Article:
Papua New Guinea washed Arabica Plantation Sigri A+17
|Unit of Measure||GrainPro Sack à 60kg|
|Bag Type||Grain Pro|
|Region||Waghi Valley, Western Highlands|
Coffee in Papua New Guinea has been commercially planted since 1950s only. The Sigri Plantation was one of the first farms that started with the professional cultivation of coffee. Today it comprises 122ha and is internationally recognized for producing one of the finest coffees in the world.
All plantings are Arabica, concentrating on the Typica varieties which originate from seed of Jamaica Blue Mountain Typica. The combination of fertile volcanic soil, heights of approx. 1.550 meters, the cool climate and ample rainfalls create the ideal environment for growing high quality Arabica coffee.
Moreover, strict rules on fauna protection have been implemented on Sigri Estate in order to create a sanctuary for endangered species under threat. The farm management supports different kinds of social concerns: community activities, aiding schools, churches and medical facilities. They undertake road and bridge maintenance for the use of the community and have founded several elementary schools of which one was sponsored by List + Beisler. Furthermore, a Community Relations Officer is involved in projects that enhance women´s status in the community in order to promote gender equality.
What comes to your mind when thinking about Papua New Guinea? Most likely not a whole lot as this remote country remains one of the least discovered ones. Located north of the Australian tip, marking the eastern border to the Pacific Ocean, this country stuns with its cultural diversity. More than 850 languages managed to establish themselves in this country. Not surprisingly, PNG is also one of the most rural countries in the world. Scientists also believe that PNG may still hold numerous undiscovered plants, animals, and indigenous peoples in its lush jungles. Reasons enough to pay more attention to coffees from this stunning and untamed land.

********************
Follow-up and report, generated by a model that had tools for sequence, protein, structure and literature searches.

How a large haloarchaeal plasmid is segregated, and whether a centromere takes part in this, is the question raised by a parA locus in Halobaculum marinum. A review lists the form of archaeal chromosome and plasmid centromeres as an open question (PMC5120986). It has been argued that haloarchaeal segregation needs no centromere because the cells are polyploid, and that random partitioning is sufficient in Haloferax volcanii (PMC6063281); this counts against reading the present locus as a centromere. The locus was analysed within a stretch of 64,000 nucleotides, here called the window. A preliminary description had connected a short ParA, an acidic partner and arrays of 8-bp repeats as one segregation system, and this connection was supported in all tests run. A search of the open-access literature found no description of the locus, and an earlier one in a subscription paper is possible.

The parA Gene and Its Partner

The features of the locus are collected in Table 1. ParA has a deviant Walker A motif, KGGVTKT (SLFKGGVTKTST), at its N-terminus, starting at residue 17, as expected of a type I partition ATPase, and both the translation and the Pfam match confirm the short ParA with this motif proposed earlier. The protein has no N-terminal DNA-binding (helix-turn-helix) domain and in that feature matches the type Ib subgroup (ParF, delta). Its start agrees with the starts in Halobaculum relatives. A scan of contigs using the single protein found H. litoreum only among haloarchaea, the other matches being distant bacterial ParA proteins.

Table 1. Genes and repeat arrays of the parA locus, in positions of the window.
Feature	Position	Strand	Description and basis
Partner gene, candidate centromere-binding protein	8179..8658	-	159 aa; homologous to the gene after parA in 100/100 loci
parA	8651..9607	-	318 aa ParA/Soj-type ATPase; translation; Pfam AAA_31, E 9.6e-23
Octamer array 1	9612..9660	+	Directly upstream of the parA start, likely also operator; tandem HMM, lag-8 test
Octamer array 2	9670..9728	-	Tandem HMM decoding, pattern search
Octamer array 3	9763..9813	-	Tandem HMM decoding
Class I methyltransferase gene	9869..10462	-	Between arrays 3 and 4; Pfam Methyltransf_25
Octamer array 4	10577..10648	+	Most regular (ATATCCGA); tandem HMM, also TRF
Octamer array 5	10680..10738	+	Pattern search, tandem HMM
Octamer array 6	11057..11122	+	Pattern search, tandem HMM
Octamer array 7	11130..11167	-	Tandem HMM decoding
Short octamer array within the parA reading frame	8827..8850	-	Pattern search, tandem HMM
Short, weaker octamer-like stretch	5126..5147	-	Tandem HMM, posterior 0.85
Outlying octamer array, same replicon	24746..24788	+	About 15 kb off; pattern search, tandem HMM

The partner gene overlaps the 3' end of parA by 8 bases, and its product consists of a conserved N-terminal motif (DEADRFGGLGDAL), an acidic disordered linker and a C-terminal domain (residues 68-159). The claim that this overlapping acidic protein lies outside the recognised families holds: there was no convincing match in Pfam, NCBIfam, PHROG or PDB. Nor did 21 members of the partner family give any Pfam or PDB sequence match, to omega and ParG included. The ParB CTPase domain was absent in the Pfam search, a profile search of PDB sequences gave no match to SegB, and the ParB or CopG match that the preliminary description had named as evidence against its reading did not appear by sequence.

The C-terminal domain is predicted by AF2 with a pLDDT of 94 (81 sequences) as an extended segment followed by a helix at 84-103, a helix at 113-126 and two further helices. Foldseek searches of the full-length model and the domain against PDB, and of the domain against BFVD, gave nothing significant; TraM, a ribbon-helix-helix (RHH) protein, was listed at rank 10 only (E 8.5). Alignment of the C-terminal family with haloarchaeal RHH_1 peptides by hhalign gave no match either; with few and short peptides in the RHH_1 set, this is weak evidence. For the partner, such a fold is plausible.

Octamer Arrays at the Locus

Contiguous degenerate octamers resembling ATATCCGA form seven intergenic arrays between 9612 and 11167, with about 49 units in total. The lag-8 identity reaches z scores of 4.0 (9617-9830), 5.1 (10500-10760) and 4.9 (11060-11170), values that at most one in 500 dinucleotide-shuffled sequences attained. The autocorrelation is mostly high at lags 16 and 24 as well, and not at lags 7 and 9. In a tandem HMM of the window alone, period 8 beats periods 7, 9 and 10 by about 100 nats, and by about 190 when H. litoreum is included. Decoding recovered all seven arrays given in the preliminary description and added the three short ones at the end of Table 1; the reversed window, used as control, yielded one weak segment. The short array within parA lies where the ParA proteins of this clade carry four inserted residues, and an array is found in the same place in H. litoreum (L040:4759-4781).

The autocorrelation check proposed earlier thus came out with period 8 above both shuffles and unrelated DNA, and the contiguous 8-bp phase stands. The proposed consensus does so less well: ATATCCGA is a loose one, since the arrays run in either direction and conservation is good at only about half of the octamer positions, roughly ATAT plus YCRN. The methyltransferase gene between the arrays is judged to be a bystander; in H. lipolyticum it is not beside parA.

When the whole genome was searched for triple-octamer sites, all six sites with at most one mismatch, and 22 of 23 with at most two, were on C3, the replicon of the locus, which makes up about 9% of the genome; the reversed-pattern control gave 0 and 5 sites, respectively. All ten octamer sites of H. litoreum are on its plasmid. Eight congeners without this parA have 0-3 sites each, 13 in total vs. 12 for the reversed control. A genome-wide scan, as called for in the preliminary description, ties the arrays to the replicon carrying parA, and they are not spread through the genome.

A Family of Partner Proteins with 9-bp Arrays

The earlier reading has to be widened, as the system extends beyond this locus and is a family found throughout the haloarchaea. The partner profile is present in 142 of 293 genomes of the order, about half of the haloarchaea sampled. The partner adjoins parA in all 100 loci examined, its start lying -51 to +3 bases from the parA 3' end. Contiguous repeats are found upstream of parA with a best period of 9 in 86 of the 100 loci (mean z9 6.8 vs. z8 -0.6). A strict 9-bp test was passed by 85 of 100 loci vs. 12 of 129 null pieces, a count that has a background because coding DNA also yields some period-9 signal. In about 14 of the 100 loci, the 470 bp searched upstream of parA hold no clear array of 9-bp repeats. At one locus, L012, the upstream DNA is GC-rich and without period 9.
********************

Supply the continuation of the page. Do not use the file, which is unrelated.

Coffee is a relative newcomer to Papua New Guinea considering that the commercial coffee production in the country dates back to 1926/1927 when the first Jamaica Blue Mountain seeds were planted. Making up a share of approx. 70% of the coffee production is largely characterized by small farmers with landholdings that grow as little as 20 trees per plot in so-called "coffee gardens" alongside subsistence crops. The country is generally dominated by fragmented mountain ranges, steep valleys, and plateaus that are difficult to access.
Since many of the smallholder farmers live in such remote places, their coffee must be picked up by airplanes on grass landing strips, or for those lucky enough to have road access, trucked to the nearest town – often struggling with broken axles from the trip. The typical village-based grower in PNG uses no synthetic fertilizer or chemical pesticides. Leaf-fall from the trees which shade it, together with the skin and pulp of his freshly processed crop provide natural and nutrient-rich mulch.
In order to process his coffee, the farmer uses either his own small hand-operated pulping machine or brings his coffee cherries to central washing stations. Nevertheless, also larger farms such as the Sigri and neighboring Kigabah Plantation are part of the exciting coffee culture in PNG. In general, PNG coffees stand for exciting complexity, truly spinning you once around the flavor wheel.
|COFFEE REGIONS||Eastern Highlands, Western Highlands, Simbu Province|
|COFFEE ALTITUDES||1,000 – 1,900 masl.|
|VARIETIES||Bourbon, Typica, Arusha|
|HARVEST PERIOD||Apr – Sep|
|COFFEE FARMS||Smallholders and plantations|
|AVERAGE FARM SIZE||0.5 – 5.5 ha|
|YEARLY PRODUCTION (IN 60KG BAGS)||752,000|